Are Gifted Children Born or Made? Encouraging a Good Education

How much influence do we have over the development of the abilities of our children? To what extent can we attribute giftedness to natural-born ability, exposure, encouragement, socioeconomic status, or ethnicity? What would have happened to the first violinist if she had never been exposed to an instrument? What would have happened to the professional golfer if he had never been exposed to the game? Would that talent manifest itself in some other form or would it be lost forever?

Because a young person shows a strong ability, does that mean she will always retain that ability? When a young person seems quite average, does that mean that no real strength will ever surface? We say that we want to give students the chance to realize their full potential. What does that mean?

Are very bright students gifted by accident or are they just mentally more efficient? Can the management of mental resources be developed?

It seems that there are more questions than answers.

Parents can at least have an influence over the potential development of talents, interests, and general good education. Here are ten ways to encourage this.

  1. Expose children to a wide variety of experiences in addition to traditional academic subjects such as math, reading, writing, history, and science. Expose them also to art, theater, music, nature, sports, and technology of all types.
  2. Expose children to different types of people—people from different socioeconomic backgrounds, different ethnicities, and different belief systems.
  3. Encourage young people to develop hobbies, join clubs, participate in competitions, attend extra-curricular activities, and take extra-curricular lessons.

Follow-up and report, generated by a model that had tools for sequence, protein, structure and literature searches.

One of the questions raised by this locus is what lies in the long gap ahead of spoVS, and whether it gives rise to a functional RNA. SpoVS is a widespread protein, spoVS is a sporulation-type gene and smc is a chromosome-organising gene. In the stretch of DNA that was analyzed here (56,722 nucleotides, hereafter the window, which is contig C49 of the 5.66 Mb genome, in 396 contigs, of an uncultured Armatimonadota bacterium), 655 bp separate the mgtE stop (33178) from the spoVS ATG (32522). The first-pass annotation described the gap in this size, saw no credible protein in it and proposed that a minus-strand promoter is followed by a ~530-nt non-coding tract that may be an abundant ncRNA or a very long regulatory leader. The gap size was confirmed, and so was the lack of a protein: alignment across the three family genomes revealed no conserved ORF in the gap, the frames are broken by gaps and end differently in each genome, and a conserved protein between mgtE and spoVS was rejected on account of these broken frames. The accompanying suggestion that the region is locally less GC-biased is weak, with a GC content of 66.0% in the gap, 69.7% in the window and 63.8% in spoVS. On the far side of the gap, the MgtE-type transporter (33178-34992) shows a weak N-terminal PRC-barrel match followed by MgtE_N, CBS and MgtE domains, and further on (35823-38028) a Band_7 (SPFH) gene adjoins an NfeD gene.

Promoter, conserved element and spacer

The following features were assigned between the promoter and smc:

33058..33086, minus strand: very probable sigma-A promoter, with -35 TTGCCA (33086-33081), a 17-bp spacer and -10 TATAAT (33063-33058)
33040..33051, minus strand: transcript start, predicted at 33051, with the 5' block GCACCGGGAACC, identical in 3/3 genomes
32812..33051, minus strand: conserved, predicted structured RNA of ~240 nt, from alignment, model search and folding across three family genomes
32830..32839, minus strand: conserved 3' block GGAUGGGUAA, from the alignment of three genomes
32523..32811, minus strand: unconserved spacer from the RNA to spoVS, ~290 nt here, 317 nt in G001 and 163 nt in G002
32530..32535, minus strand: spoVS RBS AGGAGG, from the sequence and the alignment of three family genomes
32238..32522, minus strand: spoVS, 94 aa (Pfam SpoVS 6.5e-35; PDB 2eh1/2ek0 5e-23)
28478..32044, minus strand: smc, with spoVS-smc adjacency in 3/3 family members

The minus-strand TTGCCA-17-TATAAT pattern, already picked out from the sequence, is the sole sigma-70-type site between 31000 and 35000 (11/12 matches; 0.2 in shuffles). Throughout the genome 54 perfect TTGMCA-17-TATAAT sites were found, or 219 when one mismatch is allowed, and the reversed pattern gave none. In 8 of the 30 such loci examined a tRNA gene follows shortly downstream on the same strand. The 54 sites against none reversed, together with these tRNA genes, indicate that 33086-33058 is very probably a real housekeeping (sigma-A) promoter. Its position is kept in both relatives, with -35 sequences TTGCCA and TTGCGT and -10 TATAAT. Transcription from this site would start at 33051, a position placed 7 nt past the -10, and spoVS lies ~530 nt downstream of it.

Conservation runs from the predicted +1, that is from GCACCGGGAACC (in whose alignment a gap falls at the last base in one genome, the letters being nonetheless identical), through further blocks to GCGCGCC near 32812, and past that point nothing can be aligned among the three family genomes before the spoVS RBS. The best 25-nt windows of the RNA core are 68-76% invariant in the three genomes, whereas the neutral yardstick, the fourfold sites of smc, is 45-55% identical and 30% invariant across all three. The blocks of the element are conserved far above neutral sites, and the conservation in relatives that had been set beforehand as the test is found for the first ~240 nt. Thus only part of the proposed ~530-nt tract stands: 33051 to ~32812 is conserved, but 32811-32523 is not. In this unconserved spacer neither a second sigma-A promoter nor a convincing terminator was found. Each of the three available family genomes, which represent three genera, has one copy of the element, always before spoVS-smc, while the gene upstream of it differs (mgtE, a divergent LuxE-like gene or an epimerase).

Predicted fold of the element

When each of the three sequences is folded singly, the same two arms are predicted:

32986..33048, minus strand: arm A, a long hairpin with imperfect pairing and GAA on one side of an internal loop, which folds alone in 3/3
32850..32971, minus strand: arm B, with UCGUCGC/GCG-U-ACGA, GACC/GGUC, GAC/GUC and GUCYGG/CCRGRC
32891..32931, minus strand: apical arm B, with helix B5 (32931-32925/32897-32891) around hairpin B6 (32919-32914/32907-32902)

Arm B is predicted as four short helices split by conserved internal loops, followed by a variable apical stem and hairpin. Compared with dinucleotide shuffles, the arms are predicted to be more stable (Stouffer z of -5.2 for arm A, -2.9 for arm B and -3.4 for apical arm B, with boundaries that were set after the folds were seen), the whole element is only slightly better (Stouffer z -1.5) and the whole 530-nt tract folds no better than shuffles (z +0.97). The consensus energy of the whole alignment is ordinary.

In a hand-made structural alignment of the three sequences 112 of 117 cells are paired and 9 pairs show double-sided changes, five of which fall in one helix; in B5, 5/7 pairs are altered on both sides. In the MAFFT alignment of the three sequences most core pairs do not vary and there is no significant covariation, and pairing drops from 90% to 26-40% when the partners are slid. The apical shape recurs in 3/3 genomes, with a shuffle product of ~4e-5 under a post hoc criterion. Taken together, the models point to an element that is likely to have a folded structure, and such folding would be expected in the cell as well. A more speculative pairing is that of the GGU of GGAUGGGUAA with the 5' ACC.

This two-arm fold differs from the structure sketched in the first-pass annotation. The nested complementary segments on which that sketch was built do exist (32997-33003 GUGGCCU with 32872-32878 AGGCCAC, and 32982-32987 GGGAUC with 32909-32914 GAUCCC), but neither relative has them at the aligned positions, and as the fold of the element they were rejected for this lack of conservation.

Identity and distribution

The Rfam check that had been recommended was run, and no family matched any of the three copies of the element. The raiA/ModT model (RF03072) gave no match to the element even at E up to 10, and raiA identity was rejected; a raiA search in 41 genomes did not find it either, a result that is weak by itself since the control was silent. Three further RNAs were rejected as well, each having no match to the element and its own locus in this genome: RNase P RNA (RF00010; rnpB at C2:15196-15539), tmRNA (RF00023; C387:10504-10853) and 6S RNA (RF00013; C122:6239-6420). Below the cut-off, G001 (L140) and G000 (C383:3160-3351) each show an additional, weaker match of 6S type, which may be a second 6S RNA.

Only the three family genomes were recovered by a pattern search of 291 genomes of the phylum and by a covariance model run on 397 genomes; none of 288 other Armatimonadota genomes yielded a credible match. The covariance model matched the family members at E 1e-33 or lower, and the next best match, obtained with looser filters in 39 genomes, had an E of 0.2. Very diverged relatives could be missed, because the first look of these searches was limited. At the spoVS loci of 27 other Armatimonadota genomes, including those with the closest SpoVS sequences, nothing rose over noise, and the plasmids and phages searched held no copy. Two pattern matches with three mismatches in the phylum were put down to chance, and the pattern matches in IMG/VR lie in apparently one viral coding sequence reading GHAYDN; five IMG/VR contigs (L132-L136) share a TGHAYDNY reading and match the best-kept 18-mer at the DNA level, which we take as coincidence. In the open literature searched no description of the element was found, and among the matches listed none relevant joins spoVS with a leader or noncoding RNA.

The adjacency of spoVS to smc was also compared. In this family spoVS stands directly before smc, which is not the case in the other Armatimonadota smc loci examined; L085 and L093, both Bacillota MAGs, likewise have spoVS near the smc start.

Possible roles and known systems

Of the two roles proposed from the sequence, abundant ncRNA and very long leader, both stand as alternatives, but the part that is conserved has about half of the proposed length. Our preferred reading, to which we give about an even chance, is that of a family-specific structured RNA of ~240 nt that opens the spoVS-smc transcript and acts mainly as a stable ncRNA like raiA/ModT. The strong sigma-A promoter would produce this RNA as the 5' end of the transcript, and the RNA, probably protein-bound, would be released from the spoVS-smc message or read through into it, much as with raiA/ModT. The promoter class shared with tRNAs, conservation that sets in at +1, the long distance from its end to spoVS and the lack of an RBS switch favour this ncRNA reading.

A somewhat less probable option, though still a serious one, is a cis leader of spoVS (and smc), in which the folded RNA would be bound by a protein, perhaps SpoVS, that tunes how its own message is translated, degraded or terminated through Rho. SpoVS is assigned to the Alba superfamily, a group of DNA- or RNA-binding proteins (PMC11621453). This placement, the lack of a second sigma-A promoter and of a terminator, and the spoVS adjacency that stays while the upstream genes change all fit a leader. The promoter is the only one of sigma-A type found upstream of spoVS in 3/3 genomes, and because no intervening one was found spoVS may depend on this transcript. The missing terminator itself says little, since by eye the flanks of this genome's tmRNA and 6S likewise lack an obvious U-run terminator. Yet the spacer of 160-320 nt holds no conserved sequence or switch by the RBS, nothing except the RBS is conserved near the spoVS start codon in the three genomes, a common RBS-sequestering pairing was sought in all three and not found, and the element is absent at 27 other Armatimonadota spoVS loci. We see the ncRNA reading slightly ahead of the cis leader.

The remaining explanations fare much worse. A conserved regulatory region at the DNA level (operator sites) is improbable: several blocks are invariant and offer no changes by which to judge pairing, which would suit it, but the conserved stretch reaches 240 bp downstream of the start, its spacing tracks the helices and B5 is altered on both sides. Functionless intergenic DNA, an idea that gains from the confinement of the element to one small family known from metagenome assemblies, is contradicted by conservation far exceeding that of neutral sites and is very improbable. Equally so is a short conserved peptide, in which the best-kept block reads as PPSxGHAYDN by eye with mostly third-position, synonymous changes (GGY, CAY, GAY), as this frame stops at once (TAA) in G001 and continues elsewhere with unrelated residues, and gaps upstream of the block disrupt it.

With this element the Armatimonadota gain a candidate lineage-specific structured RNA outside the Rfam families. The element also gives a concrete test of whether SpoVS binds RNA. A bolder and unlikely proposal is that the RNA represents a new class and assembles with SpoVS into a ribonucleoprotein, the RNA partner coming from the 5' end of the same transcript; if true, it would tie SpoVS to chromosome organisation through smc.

4. Be a parent who is curious and encourage the same in your children.
  5. Support the interests of your child even if they aren’t the same as yours. Ask leading questions to help you understand what has drawn your youngster to a particular topic. Speak and listen to your child with consideration and respect.
  6. Set an example by either maintaining a wide variety of personal interests or one particular interest that has become special, developing into a passion.
  7. Interact with your child by participating in the things that excite him.
  8. Celebrate the interests of different family members and friends—everyone doesn’t have to be alike. Value one another’s differences.
  9. Teach your child how to find information and resources in a variety of ways—books, Internet, other people, etc. There will eventually be times when your child's expertise on a topic will be greater than yours, and you will not be able to provide answers or solutions. Understanding research tools will serve your child well.
  10. Expose your young person to many different experiences, yet allow time for her creative mind to develop and to pursue what she discovers. Don’t overload. This is a fine line to walk.
  11. Let your child lead the way. He will let you know when something piques his interest. Don’t be over-involved. Expose, but don’t push.

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